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Thinking through a pandemic…

Blog — 20th April 2020

Thinking through a pandemic…

Like a lot of us, I’ve been learning how to think Christianly for years! Decades even. And, like many, some of the things I’d spent time carefully learning about have had to be pushed, reshaped, and navigated newly. My little list keeps growing:

–       I’ve always thought it was an important Christian virtue to cross the road towards people. The Good Samaritan and faithful responses to need made me (make me) think that Christians should be those willing to walk into a space where danger has been and help the most vulnerable. Where we do all we can to defy our stereotypes, reject our impulses of pure and impure, touchable and untouchable – and be those who touch – in the right way – the most bloody and battered of travellers. And yet, here we are in a space where the kindest action, the most just, the most right, is, in many cases, to cross the road away from people…

–       I’ve always admired the notion of the courage of Christians continuing faithfully to meet – in spite of all instructions against that. Christian heroes met at 4am in secret, slinking through back streets in defiance of the empire and its alternative rules…Christians meeting in underground churches, early morning or late-night rituals of faithfulness – expressions of gathering in Jesus’ name, of being fearless, of resistance, of knowing that death is not our worst defeat. And, YET here I am in a space where the most courageous display of our faith is to express solidarity differently and NOT gather, in secret or otherwise, and KEEP worship in physical distance from a community of bodies who follow Jesus.

I’ve always felt that the Christian call to be in places of margin, edge, edge of edge, meant BEING in spite of all the advice to the contrary… And yet, here we are. By BEING amongst we might be carriers of hidden death – virulent. Creating harm in communities of vulnerable people… 

–       I’ve always felt that accompanying people into death through ritual is one of the richest and most defiant acts that the church can offer people. Places to pray, reflect, grieve, say farewell. Even here, even now, we are also denied that. People cremated without prayers of faith; buried without the Psalms. Dying without unction; rite; presence.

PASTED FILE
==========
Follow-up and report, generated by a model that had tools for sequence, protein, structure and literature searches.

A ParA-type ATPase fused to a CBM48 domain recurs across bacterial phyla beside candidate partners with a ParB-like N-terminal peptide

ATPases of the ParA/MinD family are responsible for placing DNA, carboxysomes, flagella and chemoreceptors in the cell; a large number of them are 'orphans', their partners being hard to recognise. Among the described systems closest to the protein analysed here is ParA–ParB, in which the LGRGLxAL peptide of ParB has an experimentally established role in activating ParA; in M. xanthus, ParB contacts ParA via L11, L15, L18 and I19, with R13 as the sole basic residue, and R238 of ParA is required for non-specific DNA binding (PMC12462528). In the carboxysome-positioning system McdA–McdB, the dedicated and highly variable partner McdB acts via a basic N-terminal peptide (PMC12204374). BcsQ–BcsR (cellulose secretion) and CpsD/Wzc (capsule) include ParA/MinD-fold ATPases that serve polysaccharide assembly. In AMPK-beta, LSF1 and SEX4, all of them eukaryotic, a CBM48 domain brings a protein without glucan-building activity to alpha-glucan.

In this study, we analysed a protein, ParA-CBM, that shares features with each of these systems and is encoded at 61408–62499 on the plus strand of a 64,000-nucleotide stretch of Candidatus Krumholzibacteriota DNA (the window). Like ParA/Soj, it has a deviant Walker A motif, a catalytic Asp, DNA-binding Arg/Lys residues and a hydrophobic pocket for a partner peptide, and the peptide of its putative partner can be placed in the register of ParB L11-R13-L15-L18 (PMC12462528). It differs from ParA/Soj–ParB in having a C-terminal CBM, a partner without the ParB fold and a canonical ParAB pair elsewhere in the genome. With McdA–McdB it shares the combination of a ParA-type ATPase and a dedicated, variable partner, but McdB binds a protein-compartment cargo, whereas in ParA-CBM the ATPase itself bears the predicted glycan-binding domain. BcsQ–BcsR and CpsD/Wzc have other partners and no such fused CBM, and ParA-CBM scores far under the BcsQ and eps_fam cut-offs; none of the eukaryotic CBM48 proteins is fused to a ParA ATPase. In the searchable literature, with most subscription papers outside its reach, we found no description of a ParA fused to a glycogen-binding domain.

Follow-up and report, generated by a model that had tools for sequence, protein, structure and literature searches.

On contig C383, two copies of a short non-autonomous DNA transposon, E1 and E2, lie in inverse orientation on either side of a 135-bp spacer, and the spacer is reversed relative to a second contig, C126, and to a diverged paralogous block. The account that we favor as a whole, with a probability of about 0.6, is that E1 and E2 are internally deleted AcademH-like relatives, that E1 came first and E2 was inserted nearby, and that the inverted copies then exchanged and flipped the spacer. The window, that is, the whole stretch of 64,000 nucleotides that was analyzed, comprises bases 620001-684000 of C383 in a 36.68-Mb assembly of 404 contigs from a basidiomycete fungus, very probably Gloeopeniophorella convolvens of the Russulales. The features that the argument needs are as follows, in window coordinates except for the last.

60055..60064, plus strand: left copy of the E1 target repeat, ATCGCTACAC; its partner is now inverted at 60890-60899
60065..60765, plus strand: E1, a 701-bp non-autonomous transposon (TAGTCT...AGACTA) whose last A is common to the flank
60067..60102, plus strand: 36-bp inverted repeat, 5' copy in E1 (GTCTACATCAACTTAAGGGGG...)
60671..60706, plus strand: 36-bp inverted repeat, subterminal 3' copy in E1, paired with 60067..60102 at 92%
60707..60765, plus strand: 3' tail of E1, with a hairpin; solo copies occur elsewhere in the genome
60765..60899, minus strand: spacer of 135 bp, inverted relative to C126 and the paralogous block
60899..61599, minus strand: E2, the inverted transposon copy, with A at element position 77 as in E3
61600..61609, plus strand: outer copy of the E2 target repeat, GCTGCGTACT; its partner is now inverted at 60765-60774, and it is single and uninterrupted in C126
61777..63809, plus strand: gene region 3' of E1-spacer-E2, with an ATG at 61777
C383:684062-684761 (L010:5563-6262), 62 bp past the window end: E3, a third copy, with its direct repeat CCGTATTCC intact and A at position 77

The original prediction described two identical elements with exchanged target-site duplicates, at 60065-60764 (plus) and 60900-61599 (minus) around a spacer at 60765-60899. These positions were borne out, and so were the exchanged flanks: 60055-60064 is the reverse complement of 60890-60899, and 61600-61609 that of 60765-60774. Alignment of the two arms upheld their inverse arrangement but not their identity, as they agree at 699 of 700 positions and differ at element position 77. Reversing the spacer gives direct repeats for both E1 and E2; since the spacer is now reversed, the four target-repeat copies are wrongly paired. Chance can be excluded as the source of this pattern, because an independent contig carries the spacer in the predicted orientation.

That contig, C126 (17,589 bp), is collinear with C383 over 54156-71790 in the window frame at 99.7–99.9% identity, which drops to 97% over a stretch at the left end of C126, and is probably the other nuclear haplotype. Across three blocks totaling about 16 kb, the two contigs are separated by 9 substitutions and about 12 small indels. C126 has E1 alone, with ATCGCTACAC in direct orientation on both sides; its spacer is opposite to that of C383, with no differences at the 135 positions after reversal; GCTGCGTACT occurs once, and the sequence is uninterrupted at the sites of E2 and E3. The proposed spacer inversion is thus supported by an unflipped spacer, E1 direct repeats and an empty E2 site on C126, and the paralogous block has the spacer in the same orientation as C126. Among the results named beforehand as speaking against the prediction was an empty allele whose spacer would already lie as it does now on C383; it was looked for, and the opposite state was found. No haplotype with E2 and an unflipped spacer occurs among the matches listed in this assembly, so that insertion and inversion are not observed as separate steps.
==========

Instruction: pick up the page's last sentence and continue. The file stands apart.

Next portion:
–       Like others, I’ve always believed that loving people on the marginalised means being with, amongst, for – being defiant of spaces that would say ‘danger’ and courageous in the face of people whose values are strong – and different than mine. I’ve always felt that the Christian call to be in places of margin, edge, edge of edge, meant BEING in spite of all the advice to the contrary… And yet, here we are. By BEING amongst we might be carriers of hidden death – virulent. Creating harm in communities of vulnerable people…

I could go on…

In all of this it seems there is a stripping away, like stripping altars, stripping clothes, stripping of being. Everything extra, everything gathered, everything ritual, gone. Many things that brought us meaning, gave us life, framed our days, gone. Many relationships that made us smile or fret, helped or helper, gone. In these times of stripping us bare, bringing us into our own walls and spaces, face to face with the truth of our lives, we are discovering newly something of who we are: And who are we? And what are we to do with this?

We are brought to a place of learning for ourselves the nature of sacrifice – and the grace and hope of it.

In Holy Week it seems to me that we are Christians wrestling with sacrifice, stripping away, pouring out, being dislocated, and carried and taken to spaces we do not want to go. We recognise being brought to places against our will and desire, praying prayers of ‘not my will but yours’; feeling worn down by governments, battered by life, despised perhaps for faith, oppressed by being unable to Do or in other ways, even, and sharing in the burdens of violence, death and final breath. In this week, our Holy Week journey, which is itself the end of a long wilderness for our Saviour, we are called somehow to wrestle together with what truest sacrifice means: for the sake of the Other. We are called to grapple together with what genuine solidarity looks like at a time of physical distance: suffering alongside each other, interdependence, the dignity of others, their worth and ours magnified. We are brought to a place of learning for ourselves the nature of sacrifice – and the grace and hope of it. We are called to find our own existence shaped by the one who understood the depths of human pain and suffering; we are to find our own solidarity with a wounded bloody Saviour, in a dying gasp, in a deep and cool grave – and then, in a wild and mysterious resurrection.

In Holy Week – of all weeks – we find ourselves bonded to Jesus – who understood descent, aloneness, bowels of hell, willing embrace of whatever God had in story – we find ourselves with Jesus in places of sacrifice, solidarity and truest trust… That God is redeeming. Even now. Even so.

God be with us…


Revd Deirdre Brower Latz BA, MA, PhD (Manchester) Principal and Senior Lecturer in Pastoral and Social Theology